Boo! In honor of Halloween, each week in the month of October we’d like to share a spooky story from around the world. Today’s story comes from Germany, home of our Leadership Fellow Jacki Schilles. No one quite knows when this story was first told, and aspects of the story change with every retelling (Sometimes it’s not very spooky at all), so you will have to forgive us if you know another version. This is the story as it was told to our office. Enjoy!
Long ago, the town of Hamelin was beset by the Plague. Of course, back then most towns lacked sewers and sanitation, and the practice of medicine was nearer to magic than to science, and plagues were not altogether uncommon. It had happened before, and it would happen again. Predictability, however, does little to assuage the misery and persistent anxiety of a plague. Something about our psyches makes it hard to believe that it could ever happen here or now, much less to ourselves or those we are closest to. So, like the rest of Germany, Hamelin lived and worked in denial. Farmers tended their fields, weavers tended their looms, merchants kept shop, and everyone went to church and said his prayers. News came that the Plague had infected other towns nearby, and before long the poorest of the poorest of the poor grew boils and died in delirium; still, for most of the townspeople, plague seemed remote. Not here. Not now. Not us.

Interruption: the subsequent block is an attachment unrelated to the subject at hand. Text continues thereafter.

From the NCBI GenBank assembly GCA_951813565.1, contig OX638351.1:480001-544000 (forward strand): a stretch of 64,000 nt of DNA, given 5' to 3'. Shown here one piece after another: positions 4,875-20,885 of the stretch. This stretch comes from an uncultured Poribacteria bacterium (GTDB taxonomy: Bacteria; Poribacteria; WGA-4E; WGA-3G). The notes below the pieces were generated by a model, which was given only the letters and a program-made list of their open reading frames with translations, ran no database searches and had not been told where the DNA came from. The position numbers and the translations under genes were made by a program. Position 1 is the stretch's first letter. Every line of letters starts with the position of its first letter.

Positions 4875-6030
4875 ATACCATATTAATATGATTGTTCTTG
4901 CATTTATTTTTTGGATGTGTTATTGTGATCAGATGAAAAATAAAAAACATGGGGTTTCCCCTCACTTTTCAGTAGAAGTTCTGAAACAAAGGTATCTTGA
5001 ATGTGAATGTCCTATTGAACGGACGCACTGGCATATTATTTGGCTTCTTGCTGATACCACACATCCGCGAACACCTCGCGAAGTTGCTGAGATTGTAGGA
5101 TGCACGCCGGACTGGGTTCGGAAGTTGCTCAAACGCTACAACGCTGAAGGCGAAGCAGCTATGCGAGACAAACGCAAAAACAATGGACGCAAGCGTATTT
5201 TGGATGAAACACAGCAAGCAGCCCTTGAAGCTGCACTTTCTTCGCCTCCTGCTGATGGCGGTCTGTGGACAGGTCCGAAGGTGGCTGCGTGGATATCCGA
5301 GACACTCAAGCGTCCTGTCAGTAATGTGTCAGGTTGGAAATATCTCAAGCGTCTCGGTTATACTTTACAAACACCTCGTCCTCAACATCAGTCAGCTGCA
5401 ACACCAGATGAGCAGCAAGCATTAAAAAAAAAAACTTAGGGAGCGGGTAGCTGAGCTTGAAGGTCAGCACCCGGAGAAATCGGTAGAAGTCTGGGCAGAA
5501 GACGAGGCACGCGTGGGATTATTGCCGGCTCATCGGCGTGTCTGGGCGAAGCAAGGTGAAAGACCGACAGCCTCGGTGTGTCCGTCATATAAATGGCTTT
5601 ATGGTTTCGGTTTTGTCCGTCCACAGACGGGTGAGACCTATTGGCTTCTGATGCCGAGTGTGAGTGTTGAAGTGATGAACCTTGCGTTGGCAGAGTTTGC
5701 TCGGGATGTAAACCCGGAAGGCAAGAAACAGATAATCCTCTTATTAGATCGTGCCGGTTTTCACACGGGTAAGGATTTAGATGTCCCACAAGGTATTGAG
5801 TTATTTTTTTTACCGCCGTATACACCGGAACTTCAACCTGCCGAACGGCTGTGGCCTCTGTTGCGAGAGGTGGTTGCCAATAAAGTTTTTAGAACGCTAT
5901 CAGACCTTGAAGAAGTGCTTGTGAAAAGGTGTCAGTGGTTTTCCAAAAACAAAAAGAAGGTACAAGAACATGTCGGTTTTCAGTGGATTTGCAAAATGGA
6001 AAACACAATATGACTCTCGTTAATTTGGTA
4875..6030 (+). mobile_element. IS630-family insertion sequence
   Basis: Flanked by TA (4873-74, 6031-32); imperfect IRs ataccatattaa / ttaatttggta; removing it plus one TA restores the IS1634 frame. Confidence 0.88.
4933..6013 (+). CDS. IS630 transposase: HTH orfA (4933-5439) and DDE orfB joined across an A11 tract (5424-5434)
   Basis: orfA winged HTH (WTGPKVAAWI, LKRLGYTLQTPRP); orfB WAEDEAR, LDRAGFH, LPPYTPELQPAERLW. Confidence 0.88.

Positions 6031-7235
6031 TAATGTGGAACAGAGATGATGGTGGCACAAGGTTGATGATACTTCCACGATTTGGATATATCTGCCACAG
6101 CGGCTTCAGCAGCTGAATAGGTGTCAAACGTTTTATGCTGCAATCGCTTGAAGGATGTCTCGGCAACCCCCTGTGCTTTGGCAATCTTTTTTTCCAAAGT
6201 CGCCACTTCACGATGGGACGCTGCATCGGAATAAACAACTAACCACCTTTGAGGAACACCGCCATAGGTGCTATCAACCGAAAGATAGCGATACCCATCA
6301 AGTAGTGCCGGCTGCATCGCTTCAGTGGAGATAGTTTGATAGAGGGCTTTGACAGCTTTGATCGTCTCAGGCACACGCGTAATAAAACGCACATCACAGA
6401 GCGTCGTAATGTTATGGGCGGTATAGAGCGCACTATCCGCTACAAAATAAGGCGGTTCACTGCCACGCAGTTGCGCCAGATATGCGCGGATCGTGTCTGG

Little by little, however, the signs became harder and harder to dispute, and the everyday lives of the townspeople took on a character of unnamable horror. Soon it became agony to tend the field or the loom or the shop as though nothing were wrong. Finally, unable to deny it any longer, the mayor had it proclaimed throughout the town, “Plague has beset Hamelin!”
In a twisted sort of way, this came as a relief to many of the townspeople. The hardest part for a person without Plague in a Plague town is pretending that things are normal when they are not–making small talk to avoid revealing their real, persistent unease; rationalizing the deaths of their previously healthy neighbors; raising their children as though they would live forever. Now, at least, the Plague had a name. It was an enemy to be fought. It was still a powerful enemy–perhaps too powerful to resist–but at least it was no longer some nebulous terror. At least it could be reckoned with. For the foreseeable future, the townspeople would seek practical ways to thwart the Plague. They would not endeavor at the impossible task of living normally.